President Joe Biden’s Build Back Better plan includes a $35 monthly cap on the cost of insulin.
For those with diabetes, it’s the stuff that dreams are made of. Presently, the typical insulin-dependent individual’s cost is about $590 a month, including co-pays. The dream of an affordable cost could come true, if only Sen. Joe Manchin, D-W.Va., and Sen. Shelly Moore Capito, R-W.Va., vote for it.
But Manchin seems to find himself searching for a reason to vote against Build Back Better, which also includes funds for housing, child tax credits, Pell grants, Pre-K, Medicare, clean energy and more. The senator’s concerns ought to be eased by economists and the Congressional Budget Office who say that the bill virtually pays for itself.
An affordable source of insulin, as but one example, makes it less likely that a person with diabetes will suffer costly treatment for complications such as heart disease, stroke, kidney disease, blindness and amputations of the feet and legs.
And if Capito were to vote for the bill, she would have to endure a blast or two from the former president, whose status has risen to that of cranky old coot because of his opposition everything that does not involve his own daily deification.
But if Manchin and Capito can’t get past whatever hobgoblins they fear, if they can’t look out for the 12.7% of West Virginians who are diabetic, why are they in Congress at all?
It costs the drug makers about $6.16 to produce a vial of insulin. Yet, the purchase price is $332 for the same vial, according to the Mayo Clinic Proceedings. Insulin availability is a matter of life and death, given that diabetes is the seventh leading cause of death in the U.S., according to the Centers for Disease Control.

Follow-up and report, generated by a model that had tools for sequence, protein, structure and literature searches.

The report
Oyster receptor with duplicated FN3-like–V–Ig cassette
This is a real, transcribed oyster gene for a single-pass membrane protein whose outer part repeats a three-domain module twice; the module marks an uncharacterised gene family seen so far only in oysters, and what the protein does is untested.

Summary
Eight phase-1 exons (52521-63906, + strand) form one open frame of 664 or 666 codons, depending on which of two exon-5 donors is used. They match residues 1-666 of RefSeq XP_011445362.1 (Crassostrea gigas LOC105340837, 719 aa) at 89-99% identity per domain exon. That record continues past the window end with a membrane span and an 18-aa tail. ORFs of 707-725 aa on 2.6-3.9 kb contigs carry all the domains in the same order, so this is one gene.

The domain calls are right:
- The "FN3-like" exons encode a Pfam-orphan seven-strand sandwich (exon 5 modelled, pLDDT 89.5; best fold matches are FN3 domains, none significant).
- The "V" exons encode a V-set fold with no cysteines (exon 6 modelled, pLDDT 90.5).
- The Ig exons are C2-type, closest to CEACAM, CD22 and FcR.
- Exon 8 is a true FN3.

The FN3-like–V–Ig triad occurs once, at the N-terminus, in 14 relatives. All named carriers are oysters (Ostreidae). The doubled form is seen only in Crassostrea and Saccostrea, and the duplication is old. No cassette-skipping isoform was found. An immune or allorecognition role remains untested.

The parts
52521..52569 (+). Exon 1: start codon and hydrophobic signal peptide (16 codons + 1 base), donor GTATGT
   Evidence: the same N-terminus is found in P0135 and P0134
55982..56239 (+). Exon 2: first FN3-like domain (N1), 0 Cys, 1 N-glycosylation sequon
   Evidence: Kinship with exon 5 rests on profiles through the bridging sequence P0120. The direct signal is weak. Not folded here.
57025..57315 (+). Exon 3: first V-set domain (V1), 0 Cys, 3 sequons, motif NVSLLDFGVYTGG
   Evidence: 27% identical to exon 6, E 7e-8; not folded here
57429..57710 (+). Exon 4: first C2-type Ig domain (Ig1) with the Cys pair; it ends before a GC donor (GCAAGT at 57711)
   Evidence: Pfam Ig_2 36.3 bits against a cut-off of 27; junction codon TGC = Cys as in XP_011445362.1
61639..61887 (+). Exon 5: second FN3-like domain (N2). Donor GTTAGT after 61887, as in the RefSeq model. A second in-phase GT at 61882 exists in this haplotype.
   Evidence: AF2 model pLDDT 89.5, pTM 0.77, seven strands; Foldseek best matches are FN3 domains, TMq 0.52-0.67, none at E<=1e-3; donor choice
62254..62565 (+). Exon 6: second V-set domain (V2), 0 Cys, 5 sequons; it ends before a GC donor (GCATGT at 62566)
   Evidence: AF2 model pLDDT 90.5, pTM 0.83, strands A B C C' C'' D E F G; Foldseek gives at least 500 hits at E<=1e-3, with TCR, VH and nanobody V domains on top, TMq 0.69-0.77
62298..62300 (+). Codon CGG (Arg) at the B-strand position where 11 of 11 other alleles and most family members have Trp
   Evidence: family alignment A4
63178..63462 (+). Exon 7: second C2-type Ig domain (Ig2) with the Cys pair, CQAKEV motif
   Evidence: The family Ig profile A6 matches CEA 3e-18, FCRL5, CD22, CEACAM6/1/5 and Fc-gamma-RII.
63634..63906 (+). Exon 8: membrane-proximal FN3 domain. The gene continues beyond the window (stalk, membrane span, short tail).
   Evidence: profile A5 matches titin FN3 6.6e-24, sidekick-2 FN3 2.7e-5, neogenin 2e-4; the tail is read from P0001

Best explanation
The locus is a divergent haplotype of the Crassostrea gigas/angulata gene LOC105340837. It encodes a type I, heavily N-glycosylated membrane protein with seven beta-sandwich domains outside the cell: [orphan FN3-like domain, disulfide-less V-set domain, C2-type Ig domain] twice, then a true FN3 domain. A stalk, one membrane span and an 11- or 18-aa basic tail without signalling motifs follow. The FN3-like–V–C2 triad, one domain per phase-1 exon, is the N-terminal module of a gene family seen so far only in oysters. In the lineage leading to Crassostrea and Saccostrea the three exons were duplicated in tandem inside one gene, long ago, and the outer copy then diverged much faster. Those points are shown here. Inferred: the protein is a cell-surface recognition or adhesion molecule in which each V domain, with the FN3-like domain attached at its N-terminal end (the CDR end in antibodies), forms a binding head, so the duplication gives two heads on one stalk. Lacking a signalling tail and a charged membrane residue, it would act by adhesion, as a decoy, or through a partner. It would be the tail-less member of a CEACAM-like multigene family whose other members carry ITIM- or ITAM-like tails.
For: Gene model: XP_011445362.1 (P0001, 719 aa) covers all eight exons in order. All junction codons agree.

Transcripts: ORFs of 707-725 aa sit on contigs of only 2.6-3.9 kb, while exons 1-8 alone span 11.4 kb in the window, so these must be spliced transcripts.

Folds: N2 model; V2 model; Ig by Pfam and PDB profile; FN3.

Fortunately, I do not have diabetes. Nor am I pre-diabetic. But I learned about the disease many years ago when I served for six years as director at Camp Kno-Koma. The wonderful residential camp for diabetic children then was located on Blue Creek in eastern Kanawha County. The children came from all over the state and ranged in ages from 7 to 15. They were Type-1 diabetics. That is, their diabetes developed early and was not related to obesity, as is the case with many who have Type-2 diabetes.
Many arrived at the camp not knowing another diabetic child. But they soon were swimming, playing ball, creating crafts, hiking and doing all the other summer camp activities that were organized by the excellent camp staff. Additionally, I saw many who returned home having learned to administer their own insulin injections, an important result of living in a cabin where they observed other campers doing it. Today, the camp lives on, although in a different location, and continues doing its vital work, teaching youngsters to be courageous in the face of a disease that they are learning to master.
My years directing the camp ended four decades ago, when the cost of insulin did not overwhelm a family’s ability to pay. Back then, few families had to make monthly “food or insulin?” decisions. But it’s different today, as the profit motive has caused the cost of the lifesaving medication to skyrocket.
Manchin and Capito have an opportunity to show the sort of courage that is demonstrated by those children — the courage to be heroes to the nearly one person in eight in West Virginian who is diabetic. I hope they don’t let their opportunity slip away.